the adventure begins …

November 16, 2008

Okay: not a lot of time here on the ground, so I’ll make this a quick photo-journal-project.  (With more & better commentary later?)

Jt & Bill in Chicago … Jt & Bill in London.  (Sorry: I forgot to snap a shot upon arrival in Nairobi for that really “not-so-fresh” look!  Trust us.)


With a 6 hour layover in London, Bill & I began w/aspirations of checking out the “newly acclaimed” terminal 5 at Heathrow’s Int’l Airport.  (Our terminal 4 was desperately wanting, with shops/restaurants under construction at every glance.)  When security wouldn’t allow us exploration on the “inside” … Bill and I determined to play hardball.  (Take this, you policy enforcers, you.)  Yes, we went awol …


And took our exploration outdoors via London’s tube … (we do have six hours, we kept saying to ourselves).


We saw Wellington’s Arch …


We stopped by Buckingham Palace …


We visited Parliament.  (“Look kids, Big Ben!”)  BUT did we make our flight to Nairobi … ?!


evening scripture

November 10, 2008

So I tell you this, and insist on it in the Lord, that you must no longer live as the Gentiles do, in the futility of their thinking. They are darkened in their understanding and separated from the life of God because of the ignorance that is in them due to the hardening of their hearts. Having lost all sensitivity, they have given themselves over to sensuality so as to indulge in every kind of impurity, with a continual lust for more.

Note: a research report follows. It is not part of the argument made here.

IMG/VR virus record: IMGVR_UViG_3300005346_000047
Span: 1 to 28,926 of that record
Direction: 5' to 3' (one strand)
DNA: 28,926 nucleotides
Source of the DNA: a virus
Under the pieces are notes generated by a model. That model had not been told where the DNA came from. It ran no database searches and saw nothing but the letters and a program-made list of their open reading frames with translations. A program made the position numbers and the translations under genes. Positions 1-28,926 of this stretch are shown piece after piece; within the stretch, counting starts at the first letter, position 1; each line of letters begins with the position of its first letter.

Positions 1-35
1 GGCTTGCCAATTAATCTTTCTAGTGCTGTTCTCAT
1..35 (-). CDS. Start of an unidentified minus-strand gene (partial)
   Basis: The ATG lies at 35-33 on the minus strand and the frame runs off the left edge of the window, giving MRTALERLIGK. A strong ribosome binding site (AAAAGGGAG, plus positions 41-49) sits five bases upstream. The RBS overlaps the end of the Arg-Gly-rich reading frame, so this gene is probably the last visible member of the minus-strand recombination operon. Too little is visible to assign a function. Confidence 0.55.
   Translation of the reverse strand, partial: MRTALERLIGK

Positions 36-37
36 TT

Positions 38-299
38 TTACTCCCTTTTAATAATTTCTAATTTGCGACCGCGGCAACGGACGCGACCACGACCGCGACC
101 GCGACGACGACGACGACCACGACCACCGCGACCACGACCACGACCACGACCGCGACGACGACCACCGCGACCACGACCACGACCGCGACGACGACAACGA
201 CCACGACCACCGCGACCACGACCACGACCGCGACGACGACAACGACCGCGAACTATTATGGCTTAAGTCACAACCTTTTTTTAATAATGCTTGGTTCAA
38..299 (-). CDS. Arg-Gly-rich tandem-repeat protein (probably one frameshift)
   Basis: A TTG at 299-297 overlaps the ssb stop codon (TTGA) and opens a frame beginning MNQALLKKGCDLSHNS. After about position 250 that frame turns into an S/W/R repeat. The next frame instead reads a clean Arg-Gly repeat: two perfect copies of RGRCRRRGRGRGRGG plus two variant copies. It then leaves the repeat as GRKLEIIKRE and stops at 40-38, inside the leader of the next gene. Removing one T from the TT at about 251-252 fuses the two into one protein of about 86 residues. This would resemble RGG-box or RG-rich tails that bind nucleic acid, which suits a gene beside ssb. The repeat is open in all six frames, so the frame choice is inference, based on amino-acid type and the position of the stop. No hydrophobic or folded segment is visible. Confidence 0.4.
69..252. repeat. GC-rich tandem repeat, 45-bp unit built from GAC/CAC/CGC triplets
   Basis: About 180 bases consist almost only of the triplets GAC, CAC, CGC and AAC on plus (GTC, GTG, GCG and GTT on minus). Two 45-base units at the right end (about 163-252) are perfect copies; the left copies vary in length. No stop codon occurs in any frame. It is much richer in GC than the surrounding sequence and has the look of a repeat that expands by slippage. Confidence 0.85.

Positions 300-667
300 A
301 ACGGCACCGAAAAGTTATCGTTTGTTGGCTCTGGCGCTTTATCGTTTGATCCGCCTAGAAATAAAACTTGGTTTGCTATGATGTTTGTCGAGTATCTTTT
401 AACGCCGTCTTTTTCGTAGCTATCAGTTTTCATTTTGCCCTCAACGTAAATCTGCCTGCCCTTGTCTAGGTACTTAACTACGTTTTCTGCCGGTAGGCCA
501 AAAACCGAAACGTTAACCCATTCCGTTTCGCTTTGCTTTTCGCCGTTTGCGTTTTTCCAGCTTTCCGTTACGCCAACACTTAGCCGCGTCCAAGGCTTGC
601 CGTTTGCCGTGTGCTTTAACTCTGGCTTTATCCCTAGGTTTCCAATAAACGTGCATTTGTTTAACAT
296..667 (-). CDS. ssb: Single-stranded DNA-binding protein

You, however, did not come to know Christ that way.  Surely you heard of him and were taught in him in accordance with the truth that is in Jesus. You were taught, with regard to your former way of life, to put off your old self, which is being corrupted by its deceitful desires; to be made new in the attitude of your minds; and to put on the new self, created to be like God in true righteousness and holiness.

Ephesians 4

Legalize Neighborhoods Again! (Anybody else ready to start a campaign?!)

Christians are called to be an alternate city within every earthly city, an alternate human culture within every human culture, to show how sex, money, and power can be used in nondestructive ways.

Regarding sex, the alternate city avoids secular society’s idolization of sex and traditional society’s fear of it. It is a community that so loves and cares for its members that chastity makes sense. It teaches its members to conform their bodily beings to the shape of the gospel—abstinence outside of marriage and fidelity within. Regarding money, the Christian counterculture encourages a radically generous commitment of time, money, relationships, and living space to social justice and the needs of the poor, the immigrant, and the economically and physically weak. Regarding power, Christian community is visibly committed to power-sharing and relationship-building between races and classes that are alienated outside of the body of Christ. The practical evidence of this will be churches that are increasingly multiethnic, both in the congregations at large and in their leadership.